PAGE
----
Caltech neuroscience ranked No. 1 in impact

The California Institute of Technology has been recognized as the No. 1 institution in the nation for the impact of its neuroscience research. The results are reported in the September/October issue of Science Watch.

Caltech gets $2 million from HHMI for undergraduate biological sciences

The Howard Hughes Medical Institute has awarded $2 million to the California Institute of Technology for support of undergraduate programs in the biological sciences.

Caltech Launches Major Bioscience Initiative with $18 Million Donation from Eli Broad

Eli Broad, one of Southern California's most prominent civic and business leaders, has teamed with the California Institute of Technology to create a center for the biological sciences which will drive technological and scientific innovation and solidify Southern California's role as a leader in the biotechnology industry.

Mechanism of cell suicide determined by Caltech, MIT researchers

Biologists at MIT and Caltech have uncovered the chemical details of a mechanism that cells use to commit suicide. The work appears in the August 28 issue of the journal Science. Mechanism of cell suicide determined by Caltech, MIT researchers

New Study Shows How Axons Find Their Way Home

Like a commuter trying to get to work during rush hour, a growing axon must thread its way through a throng of other axons that are headed in many different directions in the developing brain. Axons are the wire-like extensions of nerve cells that carry electrical signals from one place to another in the brain, and during development they must navigate across long distances (many centimeters) to reach their correct address within the brain. If the axon gets lost, brain circuits cannot form normally and, like the commuter showing up at the wrong office, the axon may not be able to do its job. So how do axons find their way? A report published in the July 24th issue of the journal Science by Drs. Susan Catalano and Carla Shatz of the University of California at Berkeley sheds light on how axons home in on their correct targets. New Study Shows How Axons Find Their Way Home July 1998 98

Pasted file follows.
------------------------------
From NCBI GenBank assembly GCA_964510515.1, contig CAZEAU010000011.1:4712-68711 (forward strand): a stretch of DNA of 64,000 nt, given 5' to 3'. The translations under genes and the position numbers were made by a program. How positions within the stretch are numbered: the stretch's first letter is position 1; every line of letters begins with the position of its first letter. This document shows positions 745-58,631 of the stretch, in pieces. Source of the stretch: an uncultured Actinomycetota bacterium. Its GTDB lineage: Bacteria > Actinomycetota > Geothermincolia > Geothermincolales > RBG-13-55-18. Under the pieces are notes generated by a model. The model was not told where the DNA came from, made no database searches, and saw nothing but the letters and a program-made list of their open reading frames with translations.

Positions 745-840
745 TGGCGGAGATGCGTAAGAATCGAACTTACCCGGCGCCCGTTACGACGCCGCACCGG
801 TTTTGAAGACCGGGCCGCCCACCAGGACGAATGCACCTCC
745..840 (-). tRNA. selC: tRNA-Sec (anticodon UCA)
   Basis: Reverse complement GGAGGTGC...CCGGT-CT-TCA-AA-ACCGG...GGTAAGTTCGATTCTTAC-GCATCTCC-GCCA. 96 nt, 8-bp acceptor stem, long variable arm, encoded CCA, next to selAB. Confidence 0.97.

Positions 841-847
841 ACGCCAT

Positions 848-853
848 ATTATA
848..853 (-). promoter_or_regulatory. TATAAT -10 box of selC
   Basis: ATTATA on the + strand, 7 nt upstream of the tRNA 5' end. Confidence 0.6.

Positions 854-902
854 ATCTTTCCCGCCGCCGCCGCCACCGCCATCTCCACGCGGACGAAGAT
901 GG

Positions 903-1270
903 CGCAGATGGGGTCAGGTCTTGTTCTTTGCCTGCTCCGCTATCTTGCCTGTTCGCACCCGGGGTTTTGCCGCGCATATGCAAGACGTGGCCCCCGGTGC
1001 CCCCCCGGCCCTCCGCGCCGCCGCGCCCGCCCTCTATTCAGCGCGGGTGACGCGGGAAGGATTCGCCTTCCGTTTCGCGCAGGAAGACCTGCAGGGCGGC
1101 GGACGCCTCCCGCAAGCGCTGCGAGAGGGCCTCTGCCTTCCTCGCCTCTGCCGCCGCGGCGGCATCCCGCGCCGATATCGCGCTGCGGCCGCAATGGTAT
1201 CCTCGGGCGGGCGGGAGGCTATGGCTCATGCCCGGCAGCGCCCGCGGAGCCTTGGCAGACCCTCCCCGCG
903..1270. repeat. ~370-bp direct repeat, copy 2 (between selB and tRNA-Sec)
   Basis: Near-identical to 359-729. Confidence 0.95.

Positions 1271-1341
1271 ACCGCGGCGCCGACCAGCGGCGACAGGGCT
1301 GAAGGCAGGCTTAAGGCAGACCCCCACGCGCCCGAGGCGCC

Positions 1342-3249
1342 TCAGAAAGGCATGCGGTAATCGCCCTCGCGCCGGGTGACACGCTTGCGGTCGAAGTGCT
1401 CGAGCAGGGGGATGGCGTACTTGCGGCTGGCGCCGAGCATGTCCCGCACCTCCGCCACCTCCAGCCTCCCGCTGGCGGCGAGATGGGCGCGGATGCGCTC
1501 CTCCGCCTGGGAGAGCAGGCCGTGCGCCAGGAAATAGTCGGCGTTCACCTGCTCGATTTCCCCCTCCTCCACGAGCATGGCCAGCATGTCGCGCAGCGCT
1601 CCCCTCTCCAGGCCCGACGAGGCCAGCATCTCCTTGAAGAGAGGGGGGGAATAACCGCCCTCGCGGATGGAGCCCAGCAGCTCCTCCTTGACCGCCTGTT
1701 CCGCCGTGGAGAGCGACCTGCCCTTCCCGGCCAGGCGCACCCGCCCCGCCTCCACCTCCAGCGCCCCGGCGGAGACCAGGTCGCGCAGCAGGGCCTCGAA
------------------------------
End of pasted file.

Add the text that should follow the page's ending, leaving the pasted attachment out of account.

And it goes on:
Brain cells attuned to visual nearness and farness interact to allow judgments of size, research shows

In the July 24 issue of Science, Caltech biology professor John Allman and his colleagues write that brain cells involved in vision tend to be apportioned to picking up farness or nearness. In working with rhesus monkeys trained to follow dots of varying size on a moving TV monitor, the researchers have found that the monkeys use their nearness and farness cells in tandem. Brain cells attuned to visual nearness and farnessinteract to allow judgments of size, research shows July 1998 98

Professor Jose Alberola-Ila Named 1998 Pew Scholar

PASADENA–The California Institute of Technology is pleased to announce that José Alberola-Ila, assistant professor of biology, has been named a 1998 Pew Scholar as part of the Pew Scholars Program in Biomedical Sciences. The $200,000 award will support Alberola-Ila's research over the next four years.

Professor Bruce Hay Named 1998 Ellison Medical Scholar

he California Institute of Technology is pleased to announce that Bruce Hay, assistant professor of biology, has been named a 1998 Ellison Medical Scholar as part of the Ellison Medical Foundation New Scholars in Aging Program. The $200,000 award will support Hay's research over the next four years.

Adhesive substance at nerve synapses is importantin memory and learning, research shows

A sticky molecule found at the junctions of brain cells may be a crucial chemical ingredient in learning and memory, neuroscientists have discovered.

Parent that takes care of offspring tends to outlive the other parent, study shows

The parent who stays home to take care of the kids may be getting a good deal healthwise. New primate research from the California Institute of Technology shows that a primary caregiver tends to live longer than the other parent.

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